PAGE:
Vegan Protein Sources
Tell someone you eat a plant-based diet, and the first objection you’ll likely get is, “But where do you get your protein?” (Nevermind what kind of shape the person asking is often in.)
I personally have not let the protein issue affect me, choosing instead to cook and eat a wide variety of foods and trust that I’ll get enough protein and all of the essential amino acids, and I’ve never felt better. However, if you have any signs of protein deficiency, you should absolutely start making sure you’re getting enough protein in your diet.
Note: Although getting your protein from whole foods is always best, I created a super-clean vegan protein powder (called Complement Protein) to help provide people eating plant-based diets with a daily boost of organic protein with a balanced amino acid profile.
For someone who cooks all the time, simply eating a variety of whole foods will likely get you the protein you need. But for someone whose schedule doesn’t allow for much cooking at home, getting enough protein from vegetarian foods (and the right kinds) can be a problem.
My mother is one such case. A few weeks after she became vegetarian, she noticed that something wasn’t right; she didn’t have the energy that she did when she ate meat. Suspecting that the problem was not enough protein, she spent a few weeks researching amino acids and protein in vegetarian foods.
This page is the result of such research. If you’re in a similar situation, I hope it helps you out. (Be sure to check out our comprehensive post on vegan protein for more information.)
A little background
There are 20 amino acids that link together to form peptides. Peptides are then linked together to form proteins. There are thousands of different proteins that carry out a large number of jobs in our bodies. We don’t have to worry about consuming all the proteins- our body makes those. We just need to make sure we have all 20 basic “building blocks” (amino acids). Our body (except with certain illnesses or genetic abnormalities) makes 11 of them from chemicals already present in our body, so we really only need to be concerned about consuming the nine that our body cannot make. The nine amino acids that we need to get from our diet are called “essential amino acids.”
Chemical makeup and the role of amino acids in the body
The molecule of an amino acid is made up of a carboxyl group of atoms (one carbon, two oxygen and one hydrogen), an amine group (one nitrogen and two hydrogen atoms) and a side chain. The side chains consist of a combination of carbon, hydrogen, sulfur, nitrogen and/or oxygen and it’s the configuration of these that differentiates one amino acid from another. The branched-chain amino acids are isoleucine, leucine and valine and these are the amino acids responsible for muscle structure.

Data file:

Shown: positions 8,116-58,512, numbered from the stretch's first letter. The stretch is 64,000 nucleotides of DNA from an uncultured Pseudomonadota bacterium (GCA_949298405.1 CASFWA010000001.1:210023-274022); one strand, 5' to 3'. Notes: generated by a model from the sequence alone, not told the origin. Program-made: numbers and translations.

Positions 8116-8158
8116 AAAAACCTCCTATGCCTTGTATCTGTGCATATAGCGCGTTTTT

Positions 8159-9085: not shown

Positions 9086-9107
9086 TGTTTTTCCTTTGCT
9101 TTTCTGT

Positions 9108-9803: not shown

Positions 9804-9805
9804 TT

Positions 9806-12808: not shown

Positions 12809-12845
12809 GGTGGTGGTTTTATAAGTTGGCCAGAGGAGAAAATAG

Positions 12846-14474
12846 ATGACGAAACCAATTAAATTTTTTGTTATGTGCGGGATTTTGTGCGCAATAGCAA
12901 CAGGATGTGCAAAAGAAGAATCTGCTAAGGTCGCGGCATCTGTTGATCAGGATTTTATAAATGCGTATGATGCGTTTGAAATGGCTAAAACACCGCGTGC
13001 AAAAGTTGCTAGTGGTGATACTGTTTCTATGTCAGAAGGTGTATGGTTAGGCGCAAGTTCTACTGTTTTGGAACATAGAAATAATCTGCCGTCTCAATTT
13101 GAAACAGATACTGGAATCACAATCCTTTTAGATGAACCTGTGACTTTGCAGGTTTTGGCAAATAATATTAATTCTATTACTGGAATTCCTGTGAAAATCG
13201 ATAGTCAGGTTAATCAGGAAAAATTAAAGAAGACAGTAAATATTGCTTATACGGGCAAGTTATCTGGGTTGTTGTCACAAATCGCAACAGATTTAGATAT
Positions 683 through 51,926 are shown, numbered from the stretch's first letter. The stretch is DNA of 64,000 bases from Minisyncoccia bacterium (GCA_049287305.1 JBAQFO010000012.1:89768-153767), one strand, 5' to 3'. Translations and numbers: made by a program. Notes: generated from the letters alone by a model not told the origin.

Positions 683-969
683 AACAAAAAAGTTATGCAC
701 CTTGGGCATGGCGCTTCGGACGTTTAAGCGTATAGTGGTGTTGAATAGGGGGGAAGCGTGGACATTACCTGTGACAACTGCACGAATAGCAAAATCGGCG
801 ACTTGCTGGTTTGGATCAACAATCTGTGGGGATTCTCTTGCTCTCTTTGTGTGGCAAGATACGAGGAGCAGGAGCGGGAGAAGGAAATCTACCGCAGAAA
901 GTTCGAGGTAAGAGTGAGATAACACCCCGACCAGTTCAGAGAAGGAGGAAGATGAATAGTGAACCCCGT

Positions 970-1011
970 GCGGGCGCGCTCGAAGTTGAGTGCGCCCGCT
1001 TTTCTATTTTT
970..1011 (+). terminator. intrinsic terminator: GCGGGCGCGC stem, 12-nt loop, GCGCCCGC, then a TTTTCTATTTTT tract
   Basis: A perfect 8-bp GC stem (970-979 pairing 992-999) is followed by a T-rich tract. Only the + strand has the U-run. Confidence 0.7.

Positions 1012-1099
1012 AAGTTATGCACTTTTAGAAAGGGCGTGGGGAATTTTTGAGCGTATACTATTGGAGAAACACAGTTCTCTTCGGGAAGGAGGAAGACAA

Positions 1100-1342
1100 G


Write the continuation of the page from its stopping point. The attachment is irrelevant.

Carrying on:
The amino acids tyrosine, phenylalanine and tryptophan are the aromatic amino acids, having a side chain with a ring-shaped formation and are necessary for the production of the neurotransmitters serotonin and melatonin. Serotonin is important for healthy and restful sleep as well as elevating and stabilizing mood and in the modulation of human sexuality, appetite, and metabolism. Melatonin is important in the regulation of the circadian rhythms (the interior body clock) and is a powerful antioxidant associated with the protection of nuclear and mitochondrial DNA.
Lysine plays an important role in absorbing and conserving calcium and in the formation of collagen. Too little lysine in the diet can lead to kidney stones and other health related problems including fatigue, nausea, dizziness, loss of appetite, agitation, bloodshot eyes, slow growth, anemia, and reproductive disorders. At risk for a low lysine disorder could be vegetarians who follow a macrobiotic diet and athletes involved in frequent vigorous exercise.
Daily requirements and good non-meat sources of specific amino acids
The requirement for the non-essential amino acids has changed considerably over the last 20 years. The following table lists the recommended daily amounts for adults by the World Health Organization, along with the standard one-letter abbreviation. (Recommended daily intakes for children during their first year can be as much as 150% higher, and 10-20% higher for children three years and older.)